C is for the “classic lineup.” It’s Pollard (vox) (of course), the once dreadlocked, chain-smoking Mitch Mitchell (guitar), the visual artist and songwriter Tobin Sprout (guitar), the striped pants-clad Greg Demos (bass), and the eBay savvy Kevin Fennel (drums). This incarnation existed 1993-’96 and they reunited 2010-’14.

D is for Dayton, Ohio, their hometown and source of inspiration for innumerable songs.

E is for “Echos Myron,” described by Pollard as a victory song about finding recognition after having persevered as artists for so long.[5] That’s a big part of GBV’s story, and it must have felt great at the time (1994), singing: “we’re finally here, and shit yeah it’s cool.”[6]

F is for fourth grade, which Pollard taught for fourteen years in a Dayton public school, spanning the time of the first seven GBV albums. Upon the moderately successful reception of Bee Thousand, he quit his job (at age 36) to pursue the band full time. Pollard claims “Gold Star for Robot Boy,” “Teenage FBI,” and others were inspired by teaching.[7] It’s hard to imagine, listening to those early records, isn’t it? Mister Pollard.

G is for “Game of Pricks,” off Alien Lanes (1995). According to the Guided By Voices Database, “Game of Pricks” has been played live more than any other song.[8] “I’ve never asked for the truth, but you owe that to me.”[9] Now that’s a refrain. Make of this what you will: Jimmy Eat World covered this one.

H is for “Hold on Hope,” off the Ric Ocasek-produced Do the Collapse (1999). If ever the band tried to cross over to the mainstream with a would-be top 40 single, “Hold on Hope” was it. “Kicker of Elves” certainly wouldn’t be on an episode of Scrubs, but this is!

I is for “I Am a Scientist,” because that’s a mind-blowing song.

J is for Jay Carney, the 29th White House Press Secretary and notable GBV fan. He called them the “greatest rock and roll band of the modern era,”[10] and, upon his resignation from office, came onstage to introduce the band at the Black Cat in Washington D.C. (5/24/14).[11]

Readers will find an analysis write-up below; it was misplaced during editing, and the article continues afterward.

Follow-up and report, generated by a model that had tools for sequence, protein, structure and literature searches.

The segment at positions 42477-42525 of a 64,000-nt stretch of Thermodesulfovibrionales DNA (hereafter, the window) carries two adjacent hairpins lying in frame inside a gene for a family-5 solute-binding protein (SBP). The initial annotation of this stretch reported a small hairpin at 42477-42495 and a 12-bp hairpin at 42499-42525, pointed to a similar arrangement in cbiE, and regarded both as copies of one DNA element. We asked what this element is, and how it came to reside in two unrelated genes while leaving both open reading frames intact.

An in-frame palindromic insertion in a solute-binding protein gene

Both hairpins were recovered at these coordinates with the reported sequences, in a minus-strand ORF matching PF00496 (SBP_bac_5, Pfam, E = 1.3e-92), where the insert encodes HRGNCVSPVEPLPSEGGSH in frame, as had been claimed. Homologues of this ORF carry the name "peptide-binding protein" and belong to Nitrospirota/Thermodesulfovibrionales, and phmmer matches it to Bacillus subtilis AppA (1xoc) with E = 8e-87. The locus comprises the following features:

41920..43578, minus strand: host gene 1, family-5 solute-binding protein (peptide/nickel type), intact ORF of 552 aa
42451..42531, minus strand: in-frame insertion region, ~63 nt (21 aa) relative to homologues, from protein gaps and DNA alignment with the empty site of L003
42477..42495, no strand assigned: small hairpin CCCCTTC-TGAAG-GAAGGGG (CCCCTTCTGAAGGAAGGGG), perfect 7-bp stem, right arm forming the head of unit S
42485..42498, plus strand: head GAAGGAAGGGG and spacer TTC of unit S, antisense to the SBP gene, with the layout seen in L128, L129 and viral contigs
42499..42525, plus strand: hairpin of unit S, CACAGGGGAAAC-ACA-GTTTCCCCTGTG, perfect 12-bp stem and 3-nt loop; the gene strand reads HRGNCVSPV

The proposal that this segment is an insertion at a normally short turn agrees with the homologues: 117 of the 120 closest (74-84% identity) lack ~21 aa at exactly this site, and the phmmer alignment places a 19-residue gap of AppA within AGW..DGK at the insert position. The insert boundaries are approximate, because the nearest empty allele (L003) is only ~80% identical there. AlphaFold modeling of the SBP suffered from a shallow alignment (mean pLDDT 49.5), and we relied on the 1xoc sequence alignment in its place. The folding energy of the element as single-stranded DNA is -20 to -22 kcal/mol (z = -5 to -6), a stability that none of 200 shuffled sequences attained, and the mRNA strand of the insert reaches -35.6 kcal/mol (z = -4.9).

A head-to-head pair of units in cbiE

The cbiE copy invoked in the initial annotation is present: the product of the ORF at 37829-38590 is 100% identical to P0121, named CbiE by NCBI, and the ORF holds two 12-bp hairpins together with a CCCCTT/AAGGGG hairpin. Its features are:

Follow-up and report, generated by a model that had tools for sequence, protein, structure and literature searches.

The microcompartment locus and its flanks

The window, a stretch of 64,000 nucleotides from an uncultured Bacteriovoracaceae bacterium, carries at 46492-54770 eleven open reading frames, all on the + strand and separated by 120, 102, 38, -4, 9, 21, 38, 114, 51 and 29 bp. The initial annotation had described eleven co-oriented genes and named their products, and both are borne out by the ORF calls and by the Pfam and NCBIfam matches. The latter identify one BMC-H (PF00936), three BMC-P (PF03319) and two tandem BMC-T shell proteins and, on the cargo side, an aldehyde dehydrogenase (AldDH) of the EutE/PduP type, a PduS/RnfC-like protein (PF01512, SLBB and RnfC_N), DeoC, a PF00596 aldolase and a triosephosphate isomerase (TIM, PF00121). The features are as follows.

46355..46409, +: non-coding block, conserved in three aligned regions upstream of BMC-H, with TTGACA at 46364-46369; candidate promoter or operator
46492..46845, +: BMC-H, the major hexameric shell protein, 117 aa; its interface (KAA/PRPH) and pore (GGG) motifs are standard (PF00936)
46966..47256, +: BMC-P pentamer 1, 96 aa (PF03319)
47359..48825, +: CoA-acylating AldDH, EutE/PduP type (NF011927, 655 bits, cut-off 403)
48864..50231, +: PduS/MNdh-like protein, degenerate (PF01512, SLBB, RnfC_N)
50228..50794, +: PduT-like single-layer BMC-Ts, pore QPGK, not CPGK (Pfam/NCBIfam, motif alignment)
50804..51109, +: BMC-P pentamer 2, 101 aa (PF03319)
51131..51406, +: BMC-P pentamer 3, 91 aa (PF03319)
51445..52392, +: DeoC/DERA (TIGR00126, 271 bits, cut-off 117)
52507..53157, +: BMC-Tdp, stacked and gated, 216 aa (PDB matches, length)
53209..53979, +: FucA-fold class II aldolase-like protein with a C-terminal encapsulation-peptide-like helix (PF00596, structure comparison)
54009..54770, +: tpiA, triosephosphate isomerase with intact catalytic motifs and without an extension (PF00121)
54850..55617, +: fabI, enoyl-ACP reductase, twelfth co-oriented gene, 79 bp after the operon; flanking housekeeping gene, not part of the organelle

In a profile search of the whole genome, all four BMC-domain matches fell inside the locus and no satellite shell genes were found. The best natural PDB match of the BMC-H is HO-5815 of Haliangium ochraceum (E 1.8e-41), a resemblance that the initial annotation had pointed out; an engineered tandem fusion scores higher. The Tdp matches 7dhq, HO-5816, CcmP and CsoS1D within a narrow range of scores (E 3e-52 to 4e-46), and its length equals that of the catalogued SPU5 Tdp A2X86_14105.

K is for karate kicks, which punctuate Pollard’s more rocking onstage moments.

L is for “Learning to Hunt,” off Mag Earwhig! (1997), the only album in which GBV’s lineup was Pollard, some Sprout, and members of Cobra Verde. “Learning to Hunt” is one of their most quiet, contemplative, and haunting songs. Lyrically, its meaning is up for grabs (like most), but it’s part of the story–the opera–that is Mag Earwhig!, about an insect’s rock and roll journey. Concept rock, dude.

M is for the Monument Club, referring to Pollard’s friends–especially his high school friends–who get together Sundays in his garage to party all day long. M is also for “Motor Away,” a blissful, amazing, rock and roll ode to existential freedom.

N is for the new albums, the albums since the 2010 reunion: Let’s Go Eat the Factory, Class Clown Spots a UFO, The Bears for Lunch, English Little League, Motivational Jumpsuit, and Cool Planet. I’ll get around to giving them closer listens one of these days.

O is for the old albums, the ones before Propeller, when GBV, for the most part, had no audience. They include: Devil Between My Toes, Sandbox, Self-Inflicted Aerial Nostalgia, and Same Place the Fly Got Smashed. These albums were financed personally by the band, and, for the most part, made in small studios around Dayton. None of these records had more than 1000 copies pressed, and, at the time, went unnoticed. These old LP’s are collectible now, and have some classic tunes on them, like “The Drinking Jim Crow,” “Hank’s Little Fingers,” “The Great Blake Street Canoe Race,” and “When She Turns 50.”